Where do Hybrids come from?
Hybrids come from breeding (“hybridization”) indica and sativa plants together. For centuries American farmers have sought to increase the quality of their crops by hybridizing them with different varieties from around the world. Similarly, modern cannabis breeding as we know it began on the west coast of the United States and Canada in the mid-’60s – and it hasn’t stopped. Farmers mixed mold-resistant equatorial sativas with fast-flowering, subtropical indicas for a more viable commercial crop.
“Hybrid” cannabis strains are strains like Blue Dream, Jilly Bean, Dutch Treat, and Banana Kush. They are mix (a hybrid) of the other two main classes of cannabis — “indica” and “sativa”. Hybrids often provide a more balanced combination of indica and sativa’s effects. The names “hybrid”, “indica”, and “sativa” are part of the folk taxonomy of cannabis, and they predate modern chemical quantification of the plant. The terms are often not the whole picture, but continue to be useful both to breeders, growers and consumers of marijuana.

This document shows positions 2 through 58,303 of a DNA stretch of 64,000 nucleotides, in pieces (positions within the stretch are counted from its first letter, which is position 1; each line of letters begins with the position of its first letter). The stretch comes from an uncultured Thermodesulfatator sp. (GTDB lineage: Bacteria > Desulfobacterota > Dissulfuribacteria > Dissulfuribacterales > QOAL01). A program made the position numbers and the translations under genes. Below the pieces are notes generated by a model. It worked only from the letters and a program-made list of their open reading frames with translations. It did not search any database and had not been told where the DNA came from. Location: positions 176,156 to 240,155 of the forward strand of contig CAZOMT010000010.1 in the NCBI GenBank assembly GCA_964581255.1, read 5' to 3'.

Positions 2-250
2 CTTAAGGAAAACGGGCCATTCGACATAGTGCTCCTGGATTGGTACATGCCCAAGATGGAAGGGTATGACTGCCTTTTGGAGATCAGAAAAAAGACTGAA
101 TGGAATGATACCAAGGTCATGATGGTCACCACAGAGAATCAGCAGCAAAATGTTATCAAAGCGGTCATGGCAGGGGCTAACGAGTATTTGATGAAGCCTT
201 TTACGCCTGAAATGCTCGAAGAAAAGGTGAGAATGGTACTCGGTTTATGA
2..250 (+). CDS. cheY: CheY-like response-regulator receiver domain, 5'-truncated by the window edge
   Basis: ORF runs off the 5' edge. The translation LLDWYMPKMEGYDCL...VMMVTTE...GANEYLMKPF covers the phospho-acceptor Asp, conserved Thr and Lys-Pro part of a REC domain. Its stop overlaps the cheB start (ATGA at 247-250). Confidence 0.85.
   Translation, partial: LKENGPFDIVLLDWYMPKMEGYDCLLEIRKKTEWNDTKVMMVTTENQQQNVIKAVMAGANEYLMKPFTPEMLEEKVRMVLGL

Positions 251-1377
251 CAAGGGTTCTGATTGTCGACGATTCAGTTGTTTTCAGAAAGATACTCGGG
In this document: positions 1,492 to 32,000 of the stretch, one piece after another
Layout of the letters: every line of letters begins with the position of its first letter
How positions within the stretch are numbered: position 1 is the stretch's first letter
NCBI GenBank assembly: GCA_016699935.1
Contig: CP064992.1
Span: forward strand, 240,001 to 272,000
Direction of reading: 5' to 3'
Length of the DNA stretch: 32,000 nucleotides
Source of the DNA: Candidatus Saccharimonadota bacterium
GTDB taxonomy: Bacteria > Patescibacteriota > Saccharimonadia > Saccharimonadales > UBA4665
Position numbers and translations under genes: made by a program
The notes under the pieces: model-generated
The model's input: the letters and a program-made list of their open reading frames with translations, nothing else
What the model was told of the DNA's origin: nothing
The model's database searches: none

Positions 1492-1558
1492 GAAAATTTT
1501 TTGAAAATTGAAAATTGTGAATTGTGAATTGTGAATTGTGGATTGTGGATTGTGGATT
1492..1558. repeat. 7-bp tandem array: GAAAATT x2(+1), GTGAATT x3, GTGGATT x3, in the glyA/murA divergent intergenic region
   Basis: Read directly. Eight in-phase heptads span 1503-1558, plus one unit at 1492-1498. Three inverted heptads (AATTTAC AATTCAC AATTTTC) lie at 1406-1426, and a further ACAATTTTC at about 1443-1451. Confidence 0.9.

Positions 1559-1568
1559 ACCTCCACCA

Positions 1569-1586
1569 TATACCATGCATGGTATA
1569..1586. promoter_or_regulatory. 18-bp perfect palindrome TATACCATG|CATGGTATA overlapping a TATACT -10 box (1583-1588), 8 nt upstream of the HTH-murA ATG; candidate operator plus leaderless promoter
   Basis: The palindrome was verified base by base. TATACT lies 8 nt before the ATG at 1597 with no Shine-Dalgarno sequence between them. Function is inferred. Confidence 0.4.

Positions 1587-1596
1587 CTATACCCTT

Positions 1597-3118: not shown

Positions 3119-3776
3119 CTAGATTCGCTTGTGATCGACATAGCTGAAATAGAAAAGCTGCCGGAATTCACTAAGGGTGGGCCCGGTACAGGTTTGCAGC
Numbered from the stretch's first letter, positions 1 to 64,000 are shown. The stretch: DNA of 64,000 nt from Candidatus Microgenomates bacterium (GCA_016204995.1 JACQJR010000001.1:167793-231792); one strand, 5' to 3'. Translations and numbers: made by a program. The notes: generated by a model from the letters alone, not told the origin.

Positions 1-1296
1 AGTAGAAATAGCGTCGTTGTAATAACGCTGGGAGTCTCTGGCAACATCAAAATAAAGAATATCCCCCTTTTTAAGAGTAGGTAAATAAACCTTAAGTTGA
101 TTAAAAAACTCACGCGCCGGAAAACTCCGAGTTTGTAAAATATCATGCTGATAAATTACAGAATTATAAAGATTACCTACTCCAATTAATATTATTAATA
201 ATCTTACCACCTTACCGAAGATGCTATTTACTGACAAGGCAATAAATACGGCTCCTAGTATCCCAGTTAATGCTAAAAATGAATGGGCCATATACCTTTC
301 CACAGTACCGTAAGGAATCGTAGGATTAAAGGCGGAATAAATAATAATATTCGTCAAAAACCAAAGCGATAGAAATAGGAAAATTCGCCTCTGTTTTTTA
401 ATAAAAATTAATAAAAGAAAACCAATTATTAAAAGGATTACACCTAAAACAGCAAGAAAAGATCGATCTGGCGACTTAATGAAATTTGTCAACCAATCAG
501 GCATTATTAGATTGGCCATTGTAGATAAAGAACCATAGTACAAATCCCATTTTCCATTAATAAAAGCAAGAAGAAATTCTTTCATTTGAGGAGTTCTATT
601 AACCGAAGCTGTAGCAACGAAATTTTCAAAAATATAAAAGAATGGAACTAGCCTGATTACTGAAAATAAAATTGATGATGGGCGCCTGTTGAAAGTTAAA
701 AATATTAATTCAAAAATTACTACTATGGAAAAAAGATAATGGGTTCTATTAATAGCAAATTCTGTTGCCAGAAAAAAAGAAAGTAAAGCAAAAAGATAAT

Why are some hybrids labeled “sativa-dominant” or “indica-dominant”?
Hybrids can be either indica or sativa-dominant, meaning they will express the characteristics of the dominant parent with less characteristics of the secondary variety. For example, an indica-dominant hybrid like Cookies will most likely affect the body and offer more sedating effects. A sativa-dominant-hybrid like Super Lemon Haze will lean toward energetic sativa effects.
Other times, a hybrid can be a “true” hybrid, meaning that it is an even mix of both varieties. Blue Dream is considered a true hybrid, balancing the indica sedation of the parent Blueberry with the sativa energy of Haze.